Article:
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The Dreaded Little Insect
by Becky L. Spivey, M.Ed.
Ew! Ick! Oh, no! Head lice… here we go… get out the special shampoo and nit comb! Head lice are definitely a nuisance, and they can be a nightmare. But… look at the bright side. Lice doesn’t cause illness or disease, and the condition is easily treatable at home. Plus, they’ll keep the neighborhood children out of your house for a day or two! ☺
What exactly are head lice?
Head lice are tiny, pale gray insects about the size of a sesame seed (2–3 mm long). One “lice” is a louse, and it only takes two to quickly infest the scalp. Lice are highly contagious and can spread quickly from person to person, especially among preschool- and elementary school– aged children and in group settings like childcare centers, slumber parties, sports activities, and camps. Head lice must feed on tiny amounts of blood from your scalp, or they cannot survive but day or two. Lice can lay up to 10 eggs a day. Newly hatched eggs reach adulthood in 12 days and begin laying their own eggs. If left untreated, this cycle can repeat every three weeks.
The eggs and their shell casings are “nits” and are easily visible with the naked eye. A sticky substance secreted when the lice lay the eggs attaches the yellowish or white tiny ovals (about 0.8 x 0.3 mm) on the hair shafts near the roots and holds them firmly in place. After the eggs hatch, the empty nits remain, and the new lice begin feeding.
Who gets head lice?
NOW HEAR THIS! Anyone can get head lice! Head lice do NOT discriminate! Race, nationality, or social status doesn’t matter. It doesn’t matter how clean your hair or home may be or where children and families live, play, or work. Everyone is susceptible. According to the National Pediculosis Association, African-Americans (due to the difference in hair texture) are less likely to contract lice than their counterparts, but they can still get them.
How do lice spread?
Head lice are crawling insects and spread through close, personal contact and the sharing of items such as combs, brushes, hats, sleeping bags, etc. Advise your children against sharing hair tools and clothing. Lice cannot jump, hop, or fly.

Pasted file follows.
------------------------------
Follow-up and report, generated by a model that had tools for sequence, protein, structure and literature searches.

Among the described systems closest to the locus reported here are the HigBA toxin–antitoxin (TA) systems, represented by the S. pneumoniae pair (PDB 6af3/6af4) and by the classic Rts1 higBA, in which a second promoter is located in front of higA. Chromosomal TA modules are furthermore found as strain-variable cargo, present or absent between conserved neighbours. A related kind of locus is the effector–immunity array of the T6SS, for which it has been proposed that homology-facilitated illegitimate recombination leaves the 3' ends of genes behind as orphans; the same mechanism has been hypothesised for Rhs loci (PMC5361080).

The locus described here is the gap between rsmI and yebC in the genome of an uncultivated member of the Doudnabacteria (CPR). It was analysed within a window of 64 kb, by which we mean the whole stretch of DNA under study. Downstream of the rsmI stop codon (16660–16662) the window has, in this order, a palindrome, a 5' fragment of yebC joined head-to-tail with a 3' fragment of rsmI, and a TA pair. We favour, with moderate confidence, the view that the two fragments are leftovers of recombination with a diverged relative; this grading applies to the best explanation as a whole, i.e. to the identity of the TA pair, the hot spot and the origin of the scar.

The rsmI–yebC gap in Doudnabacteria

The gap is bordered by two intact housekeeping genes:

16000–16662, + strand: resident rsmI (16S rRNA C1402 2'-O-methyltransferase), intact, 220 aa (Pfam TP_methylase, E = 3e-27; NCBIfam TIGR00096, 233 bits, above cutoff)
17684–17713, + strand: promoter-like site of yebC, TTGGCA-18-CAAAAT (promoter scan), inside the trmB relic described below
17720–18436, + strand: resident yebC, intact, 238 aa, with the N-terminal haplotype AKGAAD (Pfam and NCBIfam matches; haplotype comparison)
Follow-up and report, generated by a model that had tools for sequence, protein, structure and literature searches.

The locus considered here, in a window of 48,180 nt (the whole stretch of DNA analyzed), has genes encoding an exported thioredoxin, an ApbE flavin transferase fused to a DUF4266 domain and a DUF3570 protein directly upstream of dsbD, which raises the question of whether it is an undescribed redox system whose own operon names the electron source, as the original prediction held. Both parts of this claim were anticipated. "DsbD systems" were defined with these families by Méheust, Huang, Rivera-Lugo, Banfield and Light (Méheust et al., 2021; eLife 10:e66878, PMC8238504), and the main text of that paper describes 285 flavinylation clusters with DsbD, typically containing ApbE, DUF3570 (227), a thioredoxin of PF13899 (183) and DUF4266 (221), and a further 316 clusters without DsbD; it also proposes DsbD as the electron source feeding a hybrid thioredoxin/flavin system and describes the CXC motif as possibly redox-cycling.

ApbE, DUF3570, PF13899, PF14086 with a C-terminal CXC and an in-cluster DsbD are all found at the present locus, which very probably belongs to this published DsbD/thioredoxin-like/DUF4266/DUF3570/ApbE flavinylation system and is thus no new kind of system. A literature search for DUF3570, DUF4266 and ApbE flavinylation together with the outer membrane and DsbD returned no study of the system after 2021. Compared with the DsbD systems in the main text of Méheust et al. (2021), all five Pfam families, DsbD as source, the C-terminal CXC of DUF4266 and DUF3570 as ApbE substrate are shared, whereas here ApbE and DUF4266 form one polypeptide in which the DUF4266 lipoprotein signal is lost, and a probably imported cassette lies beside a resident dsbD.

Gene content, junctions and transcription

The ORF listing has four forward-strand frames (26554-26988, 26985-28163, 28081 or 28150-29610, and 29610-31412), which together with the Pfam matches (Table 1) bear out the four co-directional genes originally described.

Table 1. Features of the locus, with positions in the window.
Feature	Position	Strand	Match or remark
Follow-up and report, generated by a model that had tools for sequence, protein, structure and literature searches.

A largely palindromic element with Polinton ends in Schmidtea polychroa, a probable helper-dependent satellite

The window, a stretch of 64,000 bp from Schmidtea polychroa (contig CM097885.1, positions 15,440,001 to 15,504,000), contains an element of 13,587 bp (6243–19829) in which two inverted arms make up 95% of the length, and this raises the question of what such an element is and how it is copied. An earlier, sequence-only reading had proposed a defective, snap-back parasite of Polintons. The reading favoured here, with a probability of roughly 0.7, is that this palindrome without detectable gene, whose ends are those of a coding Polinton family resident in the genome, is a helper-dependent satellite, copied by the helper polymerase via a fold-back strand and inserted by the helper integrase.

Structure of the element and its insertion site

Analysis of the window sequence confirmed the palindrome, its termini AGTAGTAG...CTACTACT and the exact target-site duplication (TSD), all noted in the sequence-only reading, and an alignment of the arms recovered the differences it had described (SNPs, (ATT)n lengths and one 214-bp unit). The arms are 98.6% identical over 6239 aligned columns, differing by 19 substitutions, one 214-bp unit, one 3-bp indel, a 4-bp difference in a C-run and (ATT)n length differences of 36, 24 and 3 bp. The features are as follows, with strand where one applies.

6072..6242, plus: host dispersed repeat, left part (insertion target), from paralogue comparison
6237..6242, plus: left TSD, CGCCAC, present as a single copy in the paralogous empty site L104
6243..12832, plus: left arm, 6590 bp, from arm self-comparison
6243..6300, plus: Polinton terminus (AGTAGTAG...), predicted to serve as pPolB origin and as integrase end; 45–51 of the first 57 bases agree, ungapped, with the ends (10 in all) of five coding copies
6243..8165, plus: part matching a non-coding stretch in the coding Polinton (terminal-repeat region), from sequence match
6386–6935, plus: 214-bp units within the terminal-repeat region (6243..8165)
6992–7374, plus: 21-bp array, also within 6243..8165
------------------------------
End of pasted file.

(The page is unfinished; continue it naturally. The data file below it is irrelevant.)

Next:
What are the symptoms of head lice?
The most common symptom when suspecting head lice is itching and scratching behind the ears and at the back of the neck. You might observe your child mindlessly scratching his head, so take this opportunity to check. It may take up to 4 weeks after lice get on the scalp for the itching to begin, and the itching can last for weeks, even after treatment. However, an itchy scalp also may be due to eczema, dandruff, or an allergy to hair products.
How do you check for head lice?
According to the American Academy of Pediatrics (AAP), regular checks for head lice are a good way to spot lice before they have time to multiply and infest your child’s scalp.
  • Seat your child in a brightly lit room.
  • Part the hair with a comb and look at your child’s scalp. Start at the bottom of the neck and work your way up and along the sides. The easiest place to find them is at the hairline at the back of the neck or behind the ears.
  • Look for crawling lice and nits. Lice avoid light and move quickly. Nits look like small white or yellowbrown specks attached to the hair near the scalp. Nits look somewhat like dandruff, dirt particles, or hair spray droplets. The difference is that nits stick to the hair shaft and can’t be moved, while dandruff, dirt, or other particles will move easily.
What do I do if I find lice?